The Giant Gumboot is a 26-meter high sculpture on the outskirts of Taihape. It was built to commemorate the town’s role in manufacturing boots for the army during World War II.
Taihape is a small town in the middle of the North Island with a population of 3,500 people. The town was once known as “The Boot Town” because it was home to several shoe factories that made gumboots for soldiers fighting against Germany during World War II. To celebrate this achievement and highlight Taihape’s historic importance, an artist named Richard Lewer decided to build a giant boot that would tower over its surroundings and serve as an attraction for tourists visiting the country’s North Island region.
The Kumara Box – Dargaville
Located in the Northland region of the country, Dargaville is a small town that dates back to 1861. It has a population of about 5,200 people and has derived its name from William Dargaville who was one of the first settlers.
The Kumara Box is a large kumara box that was used by early settlers in New Zealand as storage for their crops. The Kumara Box is located just outside of town on Kauri Road and it serves as both an attraction for tourists and also serves as a reminder of the history behind this small town in New Zealand.
Shearer Statue – Te Kuiti
The Shearer Statue is located in Te Kuiti, which is in the Waikato region of New Zealand. It was created by local artist Peter Corlett and depicts a sheep shearer who is crouching over a lamb he has just shorn. The statue shows the shearers’ hard work and love for their animals.
The statue is made from bronze metal, but it also has an interesting addition: a gold leaf that was added by local school children in 2005 to commemorate the shearing industry’s contribution to New Zealand economy.
TREE CHURCH – OHAUPO
If you’re looking to see a location that is truly unique, the Tree Church in Ohakune is an excellent choice. The Tree Church is a point of worship built in the shape of a tree and has become one of New Zealand’s most popular tourist destinations. The church was built by Kevin J. Smith, who began his construction on Christmas Day in 1990 by building its base from stone, concrete, and steel beams.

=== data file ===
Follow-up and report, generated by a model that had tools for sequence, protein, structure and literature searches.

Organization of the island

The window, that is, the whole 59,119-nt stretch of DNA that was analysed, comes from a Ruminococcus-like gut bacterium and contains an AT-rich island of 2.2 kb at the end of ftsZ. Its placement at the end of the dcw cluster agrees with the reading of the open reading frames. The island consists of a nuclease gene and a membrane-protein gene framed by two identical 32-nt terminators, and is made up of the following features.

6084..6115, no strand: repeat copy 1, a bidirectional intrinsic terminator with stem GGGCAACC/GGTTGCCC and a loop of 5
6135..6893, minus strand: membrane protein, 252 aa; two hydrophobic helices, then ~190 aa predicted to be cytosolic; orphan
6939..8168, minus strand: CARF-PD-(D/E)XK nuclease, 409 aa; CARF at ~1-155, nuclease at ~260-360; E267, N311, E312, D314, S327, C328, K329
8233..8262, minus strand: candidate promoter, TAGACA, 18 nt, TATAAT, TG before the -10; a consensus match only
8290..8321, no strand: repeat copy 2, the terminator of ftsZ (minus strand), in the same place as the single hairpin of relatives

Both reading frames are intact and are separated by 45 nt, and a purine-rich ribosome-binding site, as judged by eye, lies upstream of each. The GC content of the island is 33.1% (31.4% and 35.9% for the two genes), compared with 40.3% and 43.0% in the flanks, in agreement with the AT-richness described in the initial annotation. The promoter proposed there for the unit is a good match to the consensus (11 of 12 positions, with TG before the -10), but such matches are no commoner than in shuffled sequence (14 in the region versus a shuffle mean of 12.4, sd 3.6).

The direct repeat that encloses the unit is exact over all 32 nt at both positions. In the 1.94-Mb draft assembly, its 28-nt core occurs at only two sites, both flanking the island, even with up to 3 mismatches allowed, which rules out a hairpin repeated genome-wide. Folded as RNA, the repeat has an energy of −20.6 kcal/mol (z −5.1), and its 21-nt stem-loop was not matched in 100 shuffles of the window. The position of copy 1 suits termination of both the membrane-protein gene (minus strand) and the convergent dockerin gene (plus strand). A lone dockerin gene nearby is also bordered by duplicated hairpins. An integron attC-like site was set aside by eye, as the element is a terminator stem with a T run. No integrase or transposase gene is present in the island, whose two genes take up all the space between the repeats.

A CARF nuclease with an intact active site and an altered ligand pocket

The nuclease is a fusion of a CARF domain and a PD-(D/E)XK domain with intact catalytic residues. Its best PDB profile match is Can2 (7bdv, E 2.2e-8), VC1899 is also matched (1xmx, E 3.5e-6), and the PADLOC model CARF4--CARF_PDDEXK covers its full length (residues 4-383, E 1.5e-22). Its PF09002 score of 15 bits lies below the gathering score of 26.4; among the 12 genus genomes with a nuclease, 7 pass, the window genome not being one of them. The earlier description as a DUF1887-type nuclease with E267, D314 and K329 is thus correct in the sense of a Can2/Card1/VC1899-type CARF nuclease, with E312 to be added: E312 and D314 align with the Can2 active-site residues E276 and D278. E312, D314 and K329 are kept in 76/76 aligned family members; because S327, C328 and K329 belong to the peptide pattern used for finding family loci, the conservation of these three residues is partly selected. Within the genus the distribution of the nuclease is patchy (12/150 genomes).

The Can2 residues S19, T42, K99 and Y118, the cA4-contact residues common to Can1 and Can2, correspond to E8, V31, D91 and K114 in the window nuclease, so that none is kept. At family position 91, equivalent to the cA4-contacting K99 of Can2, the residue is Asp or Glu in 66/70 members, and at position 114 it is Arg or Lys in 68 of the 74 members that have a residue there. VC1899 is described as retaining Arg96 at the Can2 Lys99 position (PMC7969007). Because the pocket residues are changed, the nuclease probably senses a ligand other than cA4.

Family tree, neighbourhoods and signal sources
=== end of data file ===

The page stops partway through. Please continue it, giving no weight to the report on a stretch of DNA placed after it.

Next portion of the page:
The Tree Church is actually three churches connected by walkways through the branches of four trees located at a park in Ohakune; it also includes a bell tower and organ room on one side as well as meeting rooms below ground level on another side. Visitors can climb up into its branches via spiral staircases or enter through doorways at different levels within the structure itself (although this does require climbing some stairs).
GIANT KIWI FRUIT – TE PUKE
The giant kiwi fruit, also known as the “giant strawberry” or “tree tomato” is a popular attraction in Te Puke. The giant kiwi fruit is the largest edible berry in New Zealand and can grow up to 10 times larger than its regular counterpart. It’s so large that it often requires special equipment to harvest it! This can be done on a guided tour of Te Puke Kiwifruit Park where you’ll also learn about how these unusual fruits are grown and harvested.
We have looked at some of the best places to visit in New Zealand. If you are looking for a holiday that is different and exciting, then this is the place to go. From beaches with beautiful views and activities such as surfing or fishing, through rainforests teeming with wildlife, right up to the top of mountains where you can see spectacular views over lakes and valleys. For any Booking related queries of Turkey visit www.esanchar.in